I have blogged about helicopter parenting previously and continue to work with many young children and adolescents who exhibit fearful behavior that is hindering their social, emotional, and intellectual development.

I often tell parents that their fears and helicoptering may be protecting their child’s physical health, while severely damaging their child’s emotional health.

Life is full of risks that are unknown and some that we take knowingly because the rewards are great.

This blog on Has Helicopter Parenting Gone Too Far? is a nice summary of the negative effects of over-protective parenting, which often causes children to become highly fearful and risk-averse, or leads to the opposite, which is excessive and unwise risk-taking behaviors.

It points out that many of the dangers parents fear — strangers, crime, drug use, sexual activity — are actually lower than in previous generations.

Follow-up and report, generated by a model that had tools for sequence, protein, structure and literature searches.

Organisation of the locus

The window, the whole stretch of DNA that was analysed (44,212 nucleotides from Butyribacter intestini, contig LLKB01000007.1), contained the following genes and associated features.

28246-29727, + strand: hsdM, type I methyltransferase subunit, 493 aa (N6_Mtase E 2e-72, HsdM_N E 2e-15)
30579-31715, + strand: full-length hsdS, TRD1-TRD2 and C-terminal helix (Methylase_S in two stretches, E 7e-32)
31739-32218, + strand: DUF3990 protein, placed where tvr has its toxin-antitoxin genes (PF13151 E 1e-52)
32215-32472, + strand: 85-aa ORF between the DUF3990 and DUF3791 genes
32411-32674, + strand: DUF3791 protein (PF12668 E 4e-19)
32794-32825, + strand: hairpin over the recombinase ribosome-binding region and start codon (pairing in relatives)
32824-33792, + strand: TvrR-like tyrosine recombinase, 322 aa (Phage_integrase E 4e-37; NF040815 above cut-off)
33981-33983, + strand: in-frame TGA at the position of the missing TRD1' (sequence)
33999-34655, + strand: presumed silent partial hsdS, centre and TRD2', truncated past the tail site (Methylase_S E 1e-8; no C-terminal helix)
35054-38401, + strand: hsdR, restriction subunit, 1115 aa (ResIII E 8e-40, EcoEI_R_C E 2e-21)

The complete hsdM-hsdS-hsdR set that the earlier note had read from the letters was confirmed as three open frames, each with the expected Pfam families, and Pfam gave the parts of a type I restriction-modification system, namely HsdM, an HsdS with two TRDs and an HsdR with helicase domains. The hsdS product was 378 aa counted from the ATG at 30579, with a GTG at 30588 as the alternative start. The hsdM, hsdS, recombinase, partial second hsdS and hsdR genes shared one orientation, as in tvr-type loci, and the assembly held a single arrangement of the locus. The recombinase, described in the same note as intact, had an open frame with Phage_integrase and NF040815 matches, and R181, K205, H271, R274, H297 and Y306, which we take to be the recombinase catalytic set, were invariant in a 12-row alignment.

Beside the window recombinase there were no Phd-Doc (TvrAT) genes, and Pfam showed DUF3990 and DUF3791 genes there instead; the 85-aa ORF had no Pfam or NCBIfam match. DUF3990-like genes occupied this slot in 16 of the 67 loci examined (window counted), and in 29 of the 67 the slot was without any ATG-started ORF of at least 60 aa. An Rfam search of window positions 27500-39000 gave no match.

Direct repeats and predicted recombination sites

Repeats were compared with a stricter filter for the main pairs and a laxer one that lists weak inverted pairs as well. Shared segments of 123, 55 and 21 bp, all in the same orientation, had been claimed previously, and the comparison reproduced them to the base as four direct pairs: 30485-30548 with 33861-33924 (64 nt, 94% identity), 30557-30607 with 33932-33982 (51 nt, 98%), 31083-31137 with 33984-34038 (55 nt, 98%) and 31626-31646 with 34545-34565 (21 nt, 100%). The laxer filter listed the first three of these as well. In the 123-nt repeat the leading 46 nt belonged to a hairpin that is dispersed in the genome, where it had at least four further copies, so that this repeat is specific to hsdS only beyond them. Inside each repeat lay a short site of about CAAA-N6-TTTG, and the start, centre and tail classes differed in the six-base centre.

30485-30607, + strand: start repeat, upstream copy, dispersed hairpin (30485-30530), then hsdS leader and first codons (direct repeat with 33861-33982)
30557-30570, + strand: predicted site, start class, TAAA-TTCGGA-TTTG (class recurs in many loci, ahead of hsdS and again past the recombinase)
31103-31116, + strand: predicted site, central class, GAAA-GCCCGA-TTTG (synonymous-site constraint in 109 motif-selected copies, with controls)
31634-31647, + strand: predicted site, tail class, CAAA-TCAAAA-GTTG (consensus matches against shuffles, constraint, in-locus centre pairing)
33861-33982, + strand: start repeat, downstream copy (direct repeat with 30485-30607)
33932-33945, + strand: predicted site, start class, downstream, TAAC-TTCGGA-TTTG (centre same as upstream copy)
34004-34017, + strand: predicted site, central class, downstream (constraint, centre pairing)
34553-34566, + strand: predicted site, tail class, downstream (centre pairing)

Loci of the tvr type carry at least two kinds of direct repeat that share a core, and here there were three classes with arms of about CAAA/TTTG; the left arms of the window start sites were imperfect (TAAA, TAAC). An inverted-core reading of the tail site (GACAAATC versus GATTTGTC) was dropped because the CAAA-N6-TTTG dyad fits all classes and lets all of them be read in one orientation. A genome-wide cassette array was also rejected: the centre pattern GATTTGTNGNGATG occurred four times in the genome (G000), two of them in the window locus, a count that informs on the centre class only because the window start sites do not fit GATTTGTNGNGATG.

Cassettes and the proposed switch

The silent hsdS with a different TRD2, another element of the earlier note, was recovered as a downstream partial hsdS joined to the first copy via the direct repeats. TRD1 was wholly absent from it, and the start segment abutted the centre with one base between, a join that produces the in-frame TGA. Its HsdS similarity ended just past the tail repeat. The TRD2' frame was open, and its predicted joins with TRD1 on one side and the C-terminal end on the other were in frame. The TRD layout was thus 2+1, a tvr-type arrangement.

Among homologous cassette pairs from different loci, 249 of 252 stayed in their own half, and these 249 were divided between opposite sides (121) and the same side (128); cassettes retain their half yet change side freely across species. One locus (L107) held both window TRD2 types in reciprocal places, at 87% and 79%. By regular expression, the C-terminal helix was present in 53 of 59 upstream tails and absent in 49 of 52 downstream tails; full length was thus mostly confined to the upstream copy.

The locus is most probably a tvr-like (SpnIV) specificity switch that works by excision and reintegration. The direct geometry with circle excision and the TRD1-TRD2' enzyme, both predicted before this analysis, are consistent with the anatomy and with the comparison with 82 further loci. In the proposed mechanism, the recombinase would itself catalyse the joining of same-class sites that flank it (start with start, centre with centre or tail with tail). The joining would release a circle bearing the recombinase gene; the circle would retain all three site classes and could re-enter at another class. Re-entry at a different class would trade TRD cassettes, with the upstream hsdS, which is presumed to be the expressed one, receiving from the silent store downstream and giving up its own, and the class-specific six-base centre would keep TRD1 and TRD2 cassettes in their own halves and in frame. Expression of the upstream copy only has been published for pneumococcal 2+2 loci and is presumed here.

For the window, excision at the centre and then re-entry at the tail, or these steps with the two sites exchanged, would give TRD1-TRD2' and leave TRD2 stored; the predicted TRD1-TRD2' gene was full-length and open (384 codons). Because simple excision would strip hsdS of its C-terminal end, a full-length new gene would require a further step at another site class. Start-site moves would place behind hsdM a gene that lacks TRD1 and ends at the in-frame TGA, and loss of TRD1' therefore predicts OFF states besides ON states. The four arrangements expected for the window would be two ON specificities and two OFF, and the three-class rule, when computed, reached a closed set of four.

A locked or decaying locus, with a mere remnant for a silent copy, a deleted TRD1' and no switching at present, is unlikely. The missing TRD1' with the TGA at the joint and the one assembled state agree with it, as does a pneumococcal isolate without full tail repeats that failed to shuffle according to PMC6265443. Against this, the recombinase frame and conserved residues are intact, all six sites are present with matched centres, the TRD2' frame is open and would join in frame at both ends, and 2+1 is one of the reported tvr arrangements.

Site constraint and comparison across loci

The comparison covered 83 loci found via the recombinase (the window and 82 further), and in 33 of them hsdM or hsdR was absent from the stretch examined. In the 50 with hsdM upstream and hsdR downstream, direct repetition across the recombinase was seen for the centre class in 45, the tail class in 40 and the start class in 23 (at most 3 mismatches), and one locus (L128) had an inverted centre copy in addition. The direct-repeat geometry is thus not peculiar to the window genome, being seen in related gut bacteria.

I found this to be an intriguing comparison:

In fact, the greatest dangers to children are events that occur in the home and/or are conducted by someone the child knows: sexual and physical assault in the home, kidnapping by a relative, and gun-related death that occurs in the child’s own home or involves someone known to the child. Even Internet solicitations for sex occur overwhelmingly when the child is at home. It’s an ironic truth that, statistically speaking, children from middle-class families are safer outside their homes than inside.

Children also pick up on a parent’s anxiety, even unspoken worry, through a neurobiological effect called “emotional contagion,” or emotional attunement.

Parents: remember that you cannot protect a child from every danger, but you can help him or her learn to manage danger in smart, self-protective ways by exposing them to risks at age-appropriate situations and levels.

…be kind to yourself (parenting is hard!)


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